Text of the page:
Woodcock survey biggest yet
The survey, conducted every 10 years, reveals the distribution and size of Britain’s native woodcock population with mixed results.
The latest survey of the UK’s resident woodcock population attracted the highest ever participation rate since the count began 20 years ago.
Run by the GWCT and the British Trust for Ornithology (BTO), the Breeding Woodcock Survey aims to gather evidence on the size and distribution of the red-listed Eurasian woodcock. The survey covers non-migratory populations and has been carried out in 2003, 2013 and 2023.
In total, 1,230 randomly selected sites in the UK were surveyed last year, compared with a total of around 820 in 2003 and 2013. In the 2023 survey woodcock were recorded at nearly 400 sites and the final results are expected by spring 2024.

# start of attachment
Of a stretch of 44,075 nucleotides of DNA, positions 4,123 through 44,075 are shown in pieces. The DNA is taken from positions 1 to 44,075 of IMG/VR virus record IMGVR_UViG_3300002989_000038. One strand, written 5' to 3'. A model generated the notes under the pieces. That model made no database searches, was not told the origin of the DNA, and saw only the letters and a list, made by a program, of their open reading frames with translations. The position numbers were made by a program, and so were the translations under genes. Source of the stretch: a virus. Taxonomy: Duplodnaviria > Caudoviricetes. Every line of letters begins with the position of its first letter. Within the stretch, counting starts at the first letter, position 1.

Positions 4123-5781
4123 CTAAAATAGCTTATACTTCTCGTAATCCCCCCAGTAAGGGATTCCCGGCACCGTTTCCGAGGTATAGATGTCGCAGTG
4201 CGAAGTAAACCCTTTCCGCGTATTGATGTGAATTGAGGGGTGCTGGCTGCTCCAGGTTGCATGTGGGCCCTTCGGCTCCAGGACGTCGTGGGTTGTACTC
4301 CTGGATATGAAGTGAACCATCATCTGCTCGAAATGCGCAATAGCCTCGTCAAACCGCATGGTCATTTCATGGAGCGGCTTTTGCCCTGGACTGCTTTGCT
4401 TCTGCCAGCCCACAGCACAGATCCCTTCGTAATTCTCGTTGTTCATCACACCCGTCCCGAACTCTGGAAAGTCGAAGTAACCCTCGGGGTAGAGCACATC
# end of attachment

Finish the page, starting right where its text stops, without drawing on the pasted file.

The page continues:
Dr Chris Heward, head of wetlands research at GWCT, said: “Our last national survey in 2013 estimated that around 55,000 male woodcock breed in Britain, but also highlighted a 29% decline in numbers between 2003 and 2013. Most people see the headline figure of 55,241 males, but it can feel fairly arbitrary — understanding the upper and lower bounds is more important. Visiting a wider sample of sites also allows more opportunities to directly detect change.”